Everything you need to know about having time off at the end of the season
Around the world, the outdoor season is becoming longer and longer, starting earlier in the year and ending later in the year. Having a break from the ‘athlete life’ is very important to recharge, recover and relax after the season. Whether you shoot domestically, internationally or recreationally, being able to have a break away from shooting can also ensure the flame and enjoyment of the sport is not lost.
Breaks can help create a happier athlete life, encouraging you to stay in the sport longer and with a higher potential of achieving your goals.
It can be difficult for athletes to take a break due to guilt over not training or worrying about losing strength over their break. This is not the case; the body needs to take a break in order to come and build up to being stronger and better. It is a time that should be anticipated and enjoyed.
How to take time away
At the end of the season, it is important to have a physical and mental rest from archery, just like going on holiday from a job.
There should be at least one whole week that an athlete can spend completely away from training and the training environment to totally disconnect from the athlete life. They should be able to catch up on things outside of the sport that bring joy, such as seeing family and friends, taking a trip or anything that could be missed out on because of athlete life.
It could be a time to pick up a new skill that can be done in the background, such as drawing, reading, knitting or walking. Whatever you choose, pick something outside of archery that can bring attention away during downtime, as well as the break.
It can help to stay active throughout the break without putting in hard training. Doing this keeps an athlete’s body prepared for the return and reduces the risk of injuring their body through disuse.
Activities could include yoga to stretch muscles and keep them working, or walking to give a cardiovascular element to your time off. These will keep the body moving without the strain of full-time training.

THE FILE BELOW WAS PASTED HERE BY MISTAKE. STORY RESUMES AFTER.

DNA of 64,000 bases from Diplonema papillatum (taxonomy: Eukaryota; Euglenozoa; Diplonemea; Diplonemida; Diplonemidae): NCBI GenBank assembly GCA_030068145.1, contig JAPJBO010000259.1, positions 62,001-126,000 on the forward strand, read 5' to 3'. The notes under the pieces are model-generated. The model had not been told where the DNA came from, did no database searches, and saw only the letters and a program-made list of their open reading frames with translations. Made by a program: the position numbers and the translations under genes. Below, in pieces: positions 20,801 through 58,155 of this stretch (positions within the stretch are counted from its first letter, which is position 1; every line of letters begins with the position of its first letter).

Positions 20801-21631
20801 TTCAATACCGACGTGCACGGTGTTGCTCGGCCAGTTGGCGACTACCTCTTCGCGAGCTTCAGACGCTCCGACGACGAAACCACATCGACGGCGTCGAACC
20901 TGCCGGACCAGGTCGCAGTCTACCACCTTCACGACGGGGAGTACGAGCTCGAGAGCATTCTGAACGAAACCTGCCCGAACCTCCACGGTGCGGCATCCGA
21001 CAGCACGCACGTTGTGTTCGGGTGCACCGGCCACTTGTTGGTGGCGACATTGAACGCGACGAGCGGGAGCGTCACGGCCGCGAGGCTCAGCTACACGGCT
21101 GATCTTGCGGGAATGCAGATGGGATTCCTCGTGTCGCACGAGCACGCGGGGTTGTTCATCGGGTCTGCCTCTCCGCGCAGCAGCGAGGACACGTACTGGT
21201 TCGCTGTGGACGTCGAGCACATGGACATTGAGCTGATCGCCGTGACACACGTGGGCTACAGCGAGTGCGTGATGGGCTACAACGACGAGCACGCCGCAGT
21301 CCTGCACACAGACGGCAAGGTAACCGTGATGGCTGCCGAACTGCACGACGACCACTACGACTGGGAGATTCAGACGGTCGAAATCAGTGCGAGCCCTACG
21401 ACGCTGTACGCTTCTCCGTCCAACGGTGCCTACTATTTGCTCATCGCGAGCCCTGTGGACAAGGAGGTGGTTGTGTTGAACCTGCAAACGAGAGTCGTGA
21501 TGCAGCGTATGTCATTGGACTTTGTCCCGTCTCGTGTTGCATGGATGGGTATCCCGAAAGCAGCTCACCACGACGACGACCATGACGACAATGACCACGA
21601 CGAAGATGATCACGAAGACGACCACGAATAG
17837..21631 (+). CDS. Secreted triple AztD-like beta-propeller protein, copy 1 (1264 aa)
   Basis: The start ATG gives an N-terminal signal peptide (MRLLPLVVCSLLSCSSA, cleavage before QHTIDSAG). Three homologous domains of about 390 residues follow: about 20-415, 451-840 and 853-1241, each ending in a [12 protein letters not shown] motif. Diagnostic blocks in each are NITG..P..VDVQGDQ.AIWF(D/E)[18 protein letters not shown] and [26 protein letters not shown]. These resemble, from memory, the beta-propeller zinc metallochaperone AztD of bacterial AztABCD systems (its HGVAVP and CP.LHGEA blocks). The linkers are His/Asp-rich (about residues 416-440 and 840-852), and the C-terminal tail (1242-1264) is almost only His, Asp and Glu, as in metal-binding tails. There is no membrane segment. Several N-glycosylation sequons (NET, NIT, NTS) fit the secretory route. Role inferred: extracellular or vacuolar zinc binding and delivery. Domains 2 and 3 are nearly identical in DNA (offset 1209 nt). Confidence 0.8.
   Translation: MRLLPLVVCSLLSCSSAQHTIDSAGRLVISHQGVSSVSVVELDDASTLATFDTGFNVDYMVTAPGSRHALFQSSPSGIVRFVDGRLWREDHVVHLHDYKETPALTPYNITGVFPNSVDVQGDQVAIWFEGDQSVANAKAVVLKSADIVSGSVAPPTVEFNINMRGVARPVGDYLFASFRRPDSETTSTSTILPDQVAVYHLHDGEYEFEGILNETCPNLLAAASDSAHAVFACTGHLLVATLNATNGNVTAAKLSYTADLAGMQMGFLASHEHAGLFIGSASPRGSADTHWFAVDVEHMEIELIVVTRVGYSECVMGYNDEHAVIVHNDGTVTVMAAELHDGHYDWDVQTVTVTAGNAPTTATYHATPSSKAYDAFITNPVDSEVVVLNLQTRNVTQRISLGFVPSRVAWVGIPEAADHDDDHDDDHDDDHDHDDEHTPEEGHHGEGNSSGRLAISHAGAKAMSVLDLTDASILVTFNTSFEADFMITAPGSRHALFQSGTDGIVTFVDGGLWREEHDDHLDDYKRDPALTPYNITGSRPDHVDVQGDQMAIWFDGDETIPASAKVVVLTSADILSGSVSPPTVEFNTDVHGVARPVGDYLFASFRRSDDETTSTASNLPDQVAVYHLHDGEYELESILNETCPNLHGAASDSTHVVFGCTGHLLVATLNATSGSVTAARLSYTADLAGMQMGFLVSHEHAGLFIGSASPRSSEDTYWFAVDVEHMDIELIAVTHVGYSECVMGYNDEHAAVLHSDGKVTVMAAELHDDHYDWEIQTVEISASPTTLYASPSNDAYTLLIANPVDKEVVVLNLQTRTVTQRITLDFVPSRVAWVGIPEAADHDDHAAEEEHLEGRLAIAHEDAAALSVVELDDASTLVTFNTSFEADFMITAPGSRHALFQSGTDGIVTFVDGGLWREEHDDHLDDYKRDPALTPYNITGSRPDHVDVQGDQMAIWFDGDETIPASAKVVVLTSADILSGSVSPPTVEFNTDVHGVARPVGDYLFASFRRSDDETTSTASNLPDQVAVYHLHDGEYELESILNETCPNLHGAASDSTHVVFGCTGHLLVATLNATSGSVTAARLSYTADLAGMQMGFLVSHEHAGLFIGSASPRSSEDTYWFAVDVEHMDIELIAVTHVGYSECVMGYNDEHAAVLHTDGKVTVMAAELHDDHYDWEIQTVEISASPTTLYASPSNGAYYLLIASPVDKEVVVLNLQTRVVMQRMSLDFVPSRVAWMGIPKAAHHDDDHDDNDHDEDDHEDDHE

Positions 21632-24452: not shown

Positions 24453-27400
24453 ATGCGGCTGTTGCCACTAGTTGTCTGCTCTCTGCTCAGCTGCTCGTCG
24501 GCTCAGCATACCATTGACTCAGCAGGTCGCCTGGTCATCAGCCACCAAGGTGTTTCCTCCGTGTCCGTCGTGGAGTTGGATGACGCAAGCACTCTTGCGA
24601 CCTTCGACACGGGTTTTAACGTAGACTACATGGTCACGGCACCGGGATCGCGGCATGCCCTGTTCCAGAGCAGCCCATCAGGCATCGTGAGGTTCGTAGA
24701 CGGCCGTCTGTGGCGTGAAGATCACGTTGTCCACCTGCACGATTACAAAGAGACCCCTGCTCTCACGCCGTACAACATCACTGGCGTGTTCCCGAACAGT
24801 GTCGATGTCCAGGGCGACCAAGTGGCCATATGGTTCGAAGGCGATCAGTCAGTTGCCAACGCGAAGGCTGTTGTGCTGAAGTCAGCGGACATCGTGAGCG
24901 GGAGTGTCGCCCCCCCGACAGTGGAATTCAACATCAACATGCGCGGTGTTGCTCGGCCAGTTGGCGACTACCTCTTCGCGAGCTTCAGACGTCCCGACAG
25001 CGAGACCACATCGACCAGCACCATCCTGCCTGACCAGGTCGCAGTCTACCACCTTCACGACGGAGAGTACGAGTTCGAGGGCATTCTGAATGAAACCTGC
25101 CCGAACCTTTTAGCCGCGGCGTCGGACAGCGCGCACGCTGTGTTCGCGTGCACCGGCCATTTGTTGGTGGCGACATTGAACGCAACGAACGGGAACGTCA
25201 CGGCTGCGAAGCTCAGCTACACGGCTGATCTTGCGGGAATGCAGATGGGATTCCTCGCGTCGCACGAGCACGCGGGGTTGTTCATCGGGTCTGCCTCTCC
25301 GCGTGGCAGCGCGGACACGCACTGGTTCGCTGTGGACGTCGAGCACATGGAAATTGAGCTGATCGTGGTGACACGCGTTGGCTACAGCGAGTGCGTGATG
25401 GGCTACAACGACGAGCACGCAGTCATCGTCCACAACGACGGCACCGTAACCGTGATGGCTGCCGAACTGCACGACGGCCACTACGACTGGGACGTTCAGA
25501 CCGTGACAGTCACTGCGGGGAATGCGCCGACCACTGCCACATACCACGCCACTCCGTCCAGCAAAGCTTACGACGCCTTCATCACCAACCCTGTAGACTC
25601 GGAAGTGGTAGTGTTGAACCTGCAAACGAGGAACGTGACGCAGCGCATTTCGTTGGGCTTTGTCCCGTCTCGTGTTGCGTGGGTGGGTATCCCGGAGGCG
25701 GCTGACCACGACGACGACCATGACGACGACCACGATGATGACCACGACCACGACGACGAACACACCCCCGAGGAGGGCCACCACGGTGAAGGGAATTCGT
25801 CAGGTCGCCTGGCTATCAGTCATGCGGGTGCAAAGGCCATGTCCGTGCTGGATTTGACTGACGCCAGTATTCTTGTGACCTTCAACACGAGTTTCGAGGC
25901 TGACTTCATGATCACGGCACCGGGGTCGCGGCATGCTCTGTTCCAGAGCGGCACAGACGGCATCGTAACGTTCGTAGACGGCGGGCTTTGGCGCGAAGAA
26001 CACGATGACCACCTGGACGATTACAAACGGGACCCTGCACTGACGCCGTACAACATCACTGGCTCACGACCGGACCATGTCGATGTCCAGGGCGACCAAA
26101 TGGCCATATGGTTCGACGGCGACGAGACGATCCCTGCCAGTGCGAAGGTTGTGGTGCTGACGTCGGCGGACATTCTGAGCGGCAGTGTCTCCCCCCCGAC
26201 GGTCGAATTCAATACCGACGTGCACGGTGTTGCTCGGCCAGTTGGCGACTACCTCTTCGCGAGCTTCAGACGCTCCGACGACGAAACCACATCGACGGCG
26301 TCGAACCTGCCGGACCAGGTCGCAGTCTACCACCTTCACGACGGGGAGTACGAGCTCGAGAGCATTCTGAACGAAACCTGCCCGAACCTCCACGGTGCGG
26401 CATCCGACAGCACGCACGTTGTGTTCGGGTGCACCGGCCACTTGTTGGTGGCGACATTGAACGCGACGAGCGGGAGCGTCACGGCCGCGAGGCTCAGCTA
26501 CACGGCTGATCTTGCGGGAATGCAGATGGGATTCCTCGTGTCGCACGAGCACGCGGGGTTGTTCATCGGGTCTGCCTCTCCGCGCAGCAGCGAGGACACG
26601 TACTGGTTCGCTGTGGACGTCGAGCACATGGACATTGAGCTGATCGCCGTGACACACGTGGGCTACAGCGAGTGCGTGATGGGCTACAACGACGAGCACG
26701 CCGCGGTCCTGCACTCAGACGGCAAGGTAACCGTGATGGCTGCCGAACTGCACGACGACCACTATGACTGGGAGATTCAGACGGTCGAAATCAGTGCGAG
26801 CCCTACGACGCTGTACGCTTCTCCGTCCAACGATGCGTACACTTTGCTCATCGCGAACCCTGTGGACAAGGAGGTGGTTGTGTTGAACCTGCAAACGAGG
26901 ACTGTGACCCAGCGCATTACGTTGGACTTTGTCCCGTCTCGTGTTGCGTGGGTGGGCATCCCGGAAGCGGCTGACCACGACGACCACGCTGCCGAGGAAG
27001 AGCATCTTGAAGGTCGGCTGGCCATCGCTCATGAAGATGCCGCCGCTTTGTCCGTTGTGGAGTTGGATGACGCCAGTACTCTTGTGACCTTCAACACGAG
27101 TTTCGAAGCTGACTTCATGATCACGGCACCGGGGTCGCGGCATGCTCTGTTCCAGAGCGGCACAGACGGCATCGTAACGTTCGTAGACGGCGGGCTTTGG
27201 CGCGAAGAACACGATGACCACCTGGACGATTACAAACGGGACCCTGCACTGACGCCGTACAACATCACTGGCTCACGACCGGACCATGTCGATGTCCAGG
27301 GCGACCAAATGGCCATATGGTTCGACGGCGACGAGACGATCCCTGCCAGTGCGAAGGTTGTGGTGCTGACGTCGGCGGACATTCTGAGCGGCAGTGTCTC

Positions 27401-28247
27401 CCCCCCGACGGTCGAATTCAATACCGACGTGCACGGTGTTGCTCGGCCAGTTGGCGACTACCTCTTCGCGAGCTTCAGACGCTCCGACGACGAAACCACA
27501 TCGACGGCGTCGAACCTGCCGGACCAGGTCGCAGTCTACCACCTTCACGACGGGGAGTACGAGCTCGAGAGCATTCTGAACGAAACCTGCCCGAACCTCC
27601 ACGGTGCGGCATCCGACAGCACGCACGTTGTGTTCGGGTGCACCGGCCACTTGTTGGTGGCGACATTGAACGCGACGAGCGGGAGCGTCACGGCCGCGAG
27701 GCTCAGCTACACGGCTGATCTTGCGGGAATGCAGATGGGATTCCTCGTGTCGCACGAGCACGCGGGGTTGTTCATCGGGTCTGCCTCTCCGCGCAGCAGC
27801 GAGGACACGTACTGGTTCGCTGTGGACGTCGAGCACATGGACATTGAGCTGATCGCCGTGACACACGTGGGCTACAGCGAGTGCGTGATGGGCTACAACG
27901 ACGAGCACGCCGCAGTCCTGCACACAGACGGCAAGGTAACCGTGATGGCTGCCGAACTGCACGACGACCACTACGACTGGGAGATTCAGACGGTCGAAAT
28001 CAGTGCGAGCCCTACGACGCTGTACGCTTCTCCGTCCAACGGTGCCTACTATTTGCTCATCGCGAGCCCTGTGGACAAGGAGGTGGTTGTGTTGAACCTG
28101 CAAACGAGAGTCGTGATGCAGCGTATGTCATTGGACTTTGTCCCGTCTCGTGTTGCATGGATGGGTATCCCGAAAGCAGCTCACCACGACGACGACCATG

Looking back on the season that has just gone is also a good thing to do over the break. Being able to take a step back away from the training environment to see what has been achieved, learned and could be worked on for the next season can help bring a better athlete upon return.
Obviously, every person is different and may need a different amount of time away to recover, reset, and get ready for the next season ahead. Talking to your coach will help put a plan together about how much time off is required and how to get back into training upon your return.
The pro’s perspective
We spoke to Alex Wise, a regular member of the Great Britain international team and the Antalya recuve mixed team silver medallist for 2022. Alex explained why he takes an end of season break, how long for and what he does.
Q: Why do you feel it is important to have an end of season break?
I think it significantly reduces the chance of burnout in an athlete that competes year-round. It is just nice to have one or two weeks off to reset and recharge and do other things that you might enjoy, like going on holiday, seeing your friends and family – general everyday things. It also gives time to reflect on the season gone and consider the season ahead. This encourages me to start thinking about setting goals for the upcoming season.
Q: What do you like to do at the end of The season?
I try to do anything but archery really. I like to go on holiday since it is a time to unwind and rest both my body and mind. I also enjoy spending time with my friends and family – I don’t get to see them very often due to training and competing away from home. It is quite nice to have a weekend or two where I am not travelling to a competition or training.
Q: How long do you take off?
I tend to take anywhere from one to two and a half weeks away from training and the training environment. It is enough time to completely reset and recharge, but I can also take part in some physical activities so my body does not atrophy a drastic amount.
Q: Have you felt or do you feel guilty taking a break?
Not guilty as such, but you can sometimes feel like you are missing out on vital training time. But it is important to remind yourself that the rest is just as important as the training, as you do not want to be burnt out mentally or physically. You have to think about the long-term.